I appreciate Tokarczuk’s observation that we do not move in a perfect linear fashion. This, mixed with her use of gazing at the stars as an analogy for our tendency to provide ourselves with order, is an allusion to the poet Dante, whose Divine Comedy provides one of the greatest representations of the Christian life as a pilgrimage. In one sense, Dante traveled in a straight line—from the inferno, to purgatory, to paradise. But if you’ve read the story, you know each of those places consists of circles, growing smaller and smaller as you approach the center.
So, Dante pilgrimage was linear and circular. It was an upward spiral. While there was great repetition and toil in his journey, his journey was overall fruitful. The Christian life is this way; it is both repetitive and redemptive. To quote Iain M. Duguid’s The Whole Armor of God (Crossway, 2019):
We often seem to go round and round in circles, sinning in precisely the same ways as so often before, failing to grow in the least in endurance and faith. Hope encourages us by reminding us of the greater realities to come. On the day of Christ Jesus, God will bring to completion the good work he has begun in us (Phil. 1:6). He has promised it, and he is faithful, even when we are not. (83)
Tokarczuk knows about Dante. She knows that at the end of each of The Divine Comedy‘s parts—Inferno, Purgatory, Paradise—the poet looks to the stars for his reminder that God provides order to all things. When Dante looked to the stars, he saw God’s faithfulness and sovereignty. When Tokarczuk looks to the stars, she sees humanity’s subjectivity.
Now I must point out that she is not wrong about that. I completely agree with her that humans have the great ability to construct fake order where there is none to be found. And it is essential for every Christian to deconstruct those places in your life where you have made a false structure in a place where God has meant for there to be mystery. You must!
But I also want to offer a counterpoint to Tokarczuk’s decadent nihilism. And to do so, I will summarize and respond to one of the 116 entries from this book, sharing how I might re-write it.
As I have said, this book refers to itself as a pilgrimage. This is an important word because it implies that humanity is moving toward a goal and that the goal is something to be worshiped. Consider then this entry, near the end of the book, called “Wall.”
Here’s an excerpt:
Here there are some who believe that we have reached the end of our journey. . . . Beware, all pilgrims, tourists, and wanderers who have made it this far. . . . At the center of the labyrinth there’s neither treasure nor a minotaur you’ll have to fight in battle; the road ends suddenly with a wall–white like the whole city, tall, impossible to climb. Supposedly this is the wall of some invisible temple, but facts are facts–we’ve reached the end, there’s nothing past this now. . . . It’s time to go back. (363-64)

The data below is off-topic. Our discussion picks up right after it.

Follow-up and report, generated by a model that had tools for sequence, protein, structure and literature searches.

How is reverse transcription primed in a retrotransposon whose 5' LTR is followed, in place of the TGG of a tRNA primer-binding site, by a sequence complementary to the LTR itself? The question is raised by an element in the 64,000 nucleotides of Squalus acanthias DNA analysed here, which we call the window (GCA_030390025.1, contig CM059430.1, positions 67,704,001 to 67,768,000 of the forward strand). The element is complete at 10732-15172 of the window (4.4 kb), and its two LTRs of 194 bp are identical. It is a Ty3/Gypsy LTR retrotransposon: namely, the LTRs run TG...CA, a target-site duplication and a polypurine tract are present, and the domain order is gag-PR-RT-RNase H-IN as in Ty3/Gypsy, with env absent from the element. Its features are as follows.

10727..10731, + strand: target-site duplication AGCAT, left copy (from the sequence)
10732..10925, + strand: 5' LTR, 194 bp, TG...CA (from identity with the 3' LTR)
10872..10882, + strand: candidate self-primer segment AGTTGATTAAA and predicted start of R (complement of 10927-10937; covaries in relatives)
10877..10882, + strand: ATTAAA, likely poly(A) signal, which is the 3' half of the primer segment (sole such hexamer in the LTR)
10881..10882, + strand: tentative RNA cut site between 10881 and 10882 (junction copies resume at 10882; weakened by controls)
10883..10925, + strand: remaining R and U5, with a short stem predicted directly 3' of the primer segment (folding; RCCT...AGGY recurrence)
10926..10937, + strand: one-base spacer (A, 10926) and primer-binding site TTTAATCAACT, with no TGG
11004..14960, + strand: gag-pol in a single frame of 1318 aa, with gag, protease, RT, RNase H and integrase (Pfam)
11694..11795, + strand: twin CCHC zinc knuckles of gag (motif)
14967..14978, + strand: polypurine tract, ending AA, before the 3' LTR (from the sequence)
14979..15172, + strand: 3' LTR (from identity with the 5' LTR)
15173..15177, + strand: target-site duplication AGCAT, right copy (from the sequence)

In this entry, Tokarczuk’s narrator finds the place that should mean the end of her travels. It should mean fulfillment of hope, explanation of all mystery, and the proof of the meaning she had sensed was real all along. But it is just a wall.
In Kafkaesque fashion, this entry says the place we most want to go is restricted. In Post-modern style, it says the meaning that may have once existed has long since vanished, leaving behind physical ruins that can sustain only a hollow belief.
Tokarczuk is not the first person to feel this way about the world. There have been many writers before her, and there will be many after too, who feel like there must be meaning in this life, there must be a purpose, but whatever it is either died or was permanently sealed. No matter how we traveled there, we cannot access it.
And this is why the gospel is so precious, so beautiful. Listen, the gospel is not, “There is no wall.” That’s not the gospel. There is a wall that separates us from what we long for, which is to go home, back into harmony with our Creator. The wall was put up due to sin, to protect the unholy from the holy.
The gospel does not say, “Shame on you for not making it over the wall.” Nor does it say, “You can make it over the wall if you try really really hard.” No, the gospel is good news because it’s the account of how the God inside the wall came outside the wall, so that pilgrims may enter in through Him. It’s the story of how perfection took on imperfection, died to pay for it, and rose to redeem it.
So, if were to recast Tokarczuk’s wall to reflect what I know to be true, I’d at least add a door (John 10:9).